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Fun things I Tried In My Internship!

18 January 2022

Being one of the luckiest to take the placement at my school, the Cardiff University, is absolutely rewarded from various working aspects. Starting from cleaning the Roman coins, I learnt more about the metal corrosion process. The first batch of coins that I worked with are mainly containing silver. As silver is a stable material, we put them into the potassium sodium nitrate to only dissolve the greenish corrosion products as shown in Figure 1a. Then, I have got a chance to improve my scalpel working skills, scrapping off any corrosion residues. And we have other Roman copper alloy coins for practice. I am satisfied with my scrapping work, thoughtfully removing the greenish crystals under microscope (Figure 1b and 1c.).

Figure 1a. corrosion products dissolving in potassium sodium nitrate.

 

Figure 1b: Roman coin before cleaning: with greenish corrosion products

 

Figure 1c: Roman coin after cleaning

 

Next, I had tried to treat some archaeological glasses. The excavated Blackfairy glasses were encrusted and broken. Thus, cleaning and consolidation were the main treatments to clean and stabilize the laminating glass. In a box of sand as shown in Figure 2, we dug out the glass pieces and clean them in water. It was like digging out a treasure! It is interesting! We firstly brushing off the dirt and clean the encrustations in water. Then, we brushed the glass with industrial methylated spirits (IMS) to draw out any remaining water content so that no water keeps degrading the glasses.

Figure 2. Archaeological Blackfairy glasses in a box of sand. Brushes and water for cleaning.

After that, some lime plaster on the glass were removed and scrapping off by 15T scalpel blade as shown in Figure 3. I was really satisfied with the cleaned transparent appearance.

Figure 3a. glass after brushed with IMS. Figure 3b. lime plaster was scrapped off glass.

However, some glasses are fragile and prone to shatter. Wherever there was laminating edge of glass, we would do the consolidation. We consolidated glass by 10% Paraloid B72 in acetone around the unstable edges for any piece needed. For glasses that were broken, we would stick them back by 40% Paraloid B72 in acetone.

Figure 4. Glasses was consolidated by brushed with 10% Paraloid B72 in acetone.

Finally, we would package all glasses in crystal boxes with plastazote as shown in Figure 5 and creating a colour index. Reconstruction of all of these glasses would be an ultimate fantasy!

Figure 5. Glasses was traced and packed in crystal boxes. Then wait for record logging and send back to storage.

Apart from glass, I also have a chance to treat other archaeological objects, the archaeological nails. I was so intrigued by the air abrasion cleaning and it has been my favourite work during the placement. Air-abrasion, a technique to clean objects by a stream of powder in pressurised gas, are considered lower risk and do not cause vibration (Graham and Allington-Jones, 2018). Thus, it was often used in conservation industry. I was lucky enough to try this method with some archaeological nails, attempting to clean the corrosion off them, get a smoother surface and reveal the surface details of nails. Before the cleaning of the nails, their conditions should be established through a primary screening process (Blackshaw, 1982). It is always helpful to get X-ray images of the nails before the cleaning started (Figure 6). This allows us to get a clearer idea of their actual shapes and determine the thickness of the rust layer, aiding and guiding to a closer erasing to the original surface of nails.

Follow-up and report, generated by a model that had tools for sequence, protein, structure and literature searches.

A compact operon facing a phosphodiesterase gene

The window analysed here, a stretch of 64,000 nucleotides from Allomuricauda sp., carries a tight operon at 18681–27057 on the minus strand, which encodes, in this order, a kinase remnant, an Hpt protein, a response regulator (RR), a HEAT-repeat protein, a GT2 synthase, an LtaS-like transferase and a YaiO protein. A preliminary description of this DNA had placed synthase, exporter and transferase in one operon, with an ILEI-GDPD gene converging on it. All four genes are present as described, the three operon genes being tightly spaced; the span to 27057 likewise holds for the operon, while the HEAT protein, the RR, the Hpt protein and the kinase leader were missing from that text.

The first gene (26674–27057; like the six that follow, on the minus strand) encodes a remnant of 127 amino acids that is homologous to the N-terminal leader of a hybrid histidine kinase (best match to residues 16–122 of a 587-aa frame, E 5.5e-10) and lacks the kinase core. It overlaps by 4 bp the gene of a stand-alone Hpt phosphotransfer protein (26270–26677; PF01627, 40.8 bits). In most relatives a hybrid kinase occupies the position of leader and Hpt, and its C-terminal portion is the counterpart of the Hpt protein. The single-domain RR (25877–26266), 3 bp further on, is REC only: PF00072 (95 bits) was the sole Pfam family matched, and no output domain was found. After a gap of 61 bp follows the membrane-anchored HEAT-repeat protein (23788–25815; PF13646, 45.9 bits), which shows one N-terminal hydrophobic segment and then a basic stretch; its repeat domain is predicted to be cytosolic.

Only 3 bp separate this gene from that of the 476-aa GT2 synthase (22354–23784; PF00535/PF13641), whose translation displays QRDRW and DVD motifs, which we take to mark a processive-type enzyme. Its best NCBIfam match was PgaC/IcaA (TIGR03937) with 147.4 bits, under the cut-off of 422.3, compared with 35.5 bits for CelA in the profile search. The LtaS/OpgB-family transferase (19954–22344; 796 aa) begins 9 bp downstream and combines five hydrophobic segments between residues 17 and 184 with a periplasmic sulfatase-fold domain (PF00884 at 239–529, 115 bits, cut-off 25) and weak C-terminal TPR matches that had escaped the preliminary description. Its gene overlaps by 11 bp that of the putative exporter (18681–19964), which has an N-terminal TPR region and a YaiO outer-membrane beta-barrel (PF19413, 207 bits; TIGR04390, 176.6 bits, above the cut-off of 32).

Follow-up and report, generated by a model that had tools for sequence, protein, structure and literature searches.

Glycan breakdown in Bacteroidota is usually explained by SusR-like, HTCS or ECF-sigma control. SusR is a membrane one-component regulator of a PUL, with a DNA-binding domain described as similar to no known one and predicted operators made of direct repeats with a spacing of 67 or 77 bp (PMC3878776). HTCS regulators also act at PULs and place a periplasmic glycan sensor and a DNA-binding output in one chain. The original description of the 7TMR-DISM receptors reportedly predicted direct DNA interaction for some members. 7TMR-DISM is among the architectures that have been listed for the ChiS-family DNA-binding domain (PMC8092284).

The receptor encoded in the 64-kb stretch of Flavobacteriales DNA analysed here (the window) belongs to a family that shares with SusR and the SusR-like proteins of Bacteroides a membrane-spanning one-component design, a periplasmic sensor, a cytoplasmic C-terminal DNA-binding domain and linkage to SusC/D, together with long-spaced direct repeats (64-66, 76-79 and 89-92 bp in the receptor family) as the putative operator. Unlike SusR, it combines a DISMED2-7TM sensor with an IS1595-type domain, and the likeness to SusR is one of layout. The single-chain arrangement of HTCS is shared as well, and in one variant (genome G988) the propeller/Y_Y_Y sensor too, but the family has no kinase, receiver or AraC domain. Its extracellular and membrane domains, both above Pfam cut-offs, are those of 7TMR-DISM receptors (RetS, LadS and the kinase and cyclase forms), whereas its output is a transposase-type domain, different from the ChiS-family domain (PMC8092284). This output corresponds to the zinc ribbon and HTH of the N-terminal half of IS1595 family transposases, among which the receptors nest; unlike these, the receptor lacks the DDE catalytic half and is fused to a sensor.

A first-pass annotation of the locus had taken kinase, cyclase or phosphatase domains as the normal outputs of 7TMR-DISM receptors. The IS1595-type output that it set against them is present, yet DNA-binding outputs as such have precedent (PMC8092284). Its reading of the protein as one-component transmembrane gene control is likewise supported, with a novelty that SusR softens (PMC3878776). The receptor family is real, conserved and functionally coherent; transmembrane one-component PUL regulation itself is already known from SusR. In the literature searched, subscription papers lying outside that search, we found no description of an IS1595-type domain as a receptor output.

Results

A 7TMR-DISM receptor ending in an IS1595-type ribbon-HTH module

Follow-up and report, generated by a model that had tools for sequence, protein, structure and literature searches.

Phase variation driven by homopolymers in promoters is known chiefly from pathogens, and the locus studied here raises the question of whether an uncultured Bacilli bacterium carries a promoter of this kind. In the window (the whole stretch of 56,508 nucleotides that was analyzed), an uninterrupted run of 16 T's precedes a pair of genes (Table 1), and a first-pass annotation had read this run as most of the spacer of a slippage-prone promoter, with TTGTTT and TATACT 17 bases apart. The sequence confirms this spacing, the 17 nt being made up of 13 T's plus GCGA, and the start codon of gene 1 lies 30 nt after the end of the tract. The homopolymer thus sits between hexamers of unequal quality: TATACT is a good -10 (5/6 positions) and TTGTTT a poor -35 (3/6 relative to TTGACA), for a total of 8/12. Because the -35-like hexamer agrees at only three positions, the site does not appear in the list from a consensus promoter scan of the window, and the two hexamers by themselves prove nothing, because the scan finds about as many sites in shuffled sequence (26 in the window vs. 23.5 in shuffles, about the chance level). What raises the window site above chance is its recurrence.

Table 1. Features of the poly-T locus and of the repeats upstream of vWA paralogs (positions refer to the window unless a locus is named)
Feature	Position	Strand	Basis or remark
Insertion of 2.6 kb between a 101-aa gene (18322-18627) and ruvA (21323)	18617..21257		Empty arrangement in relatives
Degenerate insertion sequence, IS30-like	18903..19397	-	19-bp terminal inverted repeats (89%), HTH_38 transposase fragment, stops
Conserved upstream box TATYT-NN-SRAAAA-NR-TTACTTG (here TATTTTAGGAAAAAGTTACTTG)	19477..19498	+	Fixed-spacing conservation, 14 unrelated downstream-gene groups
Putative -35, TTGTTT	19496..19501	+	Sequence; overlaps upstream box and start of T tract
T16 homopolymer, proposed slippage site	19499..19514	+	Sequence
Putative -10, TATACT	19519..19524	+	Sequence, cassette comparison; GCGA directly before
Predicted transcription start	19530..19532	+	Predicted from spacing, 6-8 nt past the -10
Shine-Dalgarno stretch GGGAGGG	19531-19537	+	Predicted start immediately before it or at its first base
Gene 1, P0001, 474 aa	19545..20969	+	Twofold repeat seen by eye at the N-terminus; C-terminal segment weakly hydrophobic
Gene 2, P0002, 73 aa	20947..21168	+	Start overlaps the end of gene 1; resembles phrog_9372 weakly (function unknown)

Figure 6. X-ray image of the archaeological nails: assist with the air abrasion cleaning.

With the air abrasion method, air and the Airbrasive powders – Aluminium Oxide Powder, were discharged through a tube onto any deposits covering the nails. The layers of dust, soil and orange corrosion products were then stripped off by means of friction and left with a charcoal layer. Different settings and variables are set by profuse types of air-abrasive powders, which are differing in particle size, hardness and shape, as well as the gas pressure, angle of operation, nozzle size and the feed quantity of powders (Graham and Allington-Jones, 2018). All of these variables described will affect the ultimate evenness and completeness of the reduction or loss of surface detail. It is fun to always play with different settings, finding the most suitable setting for the abrading work!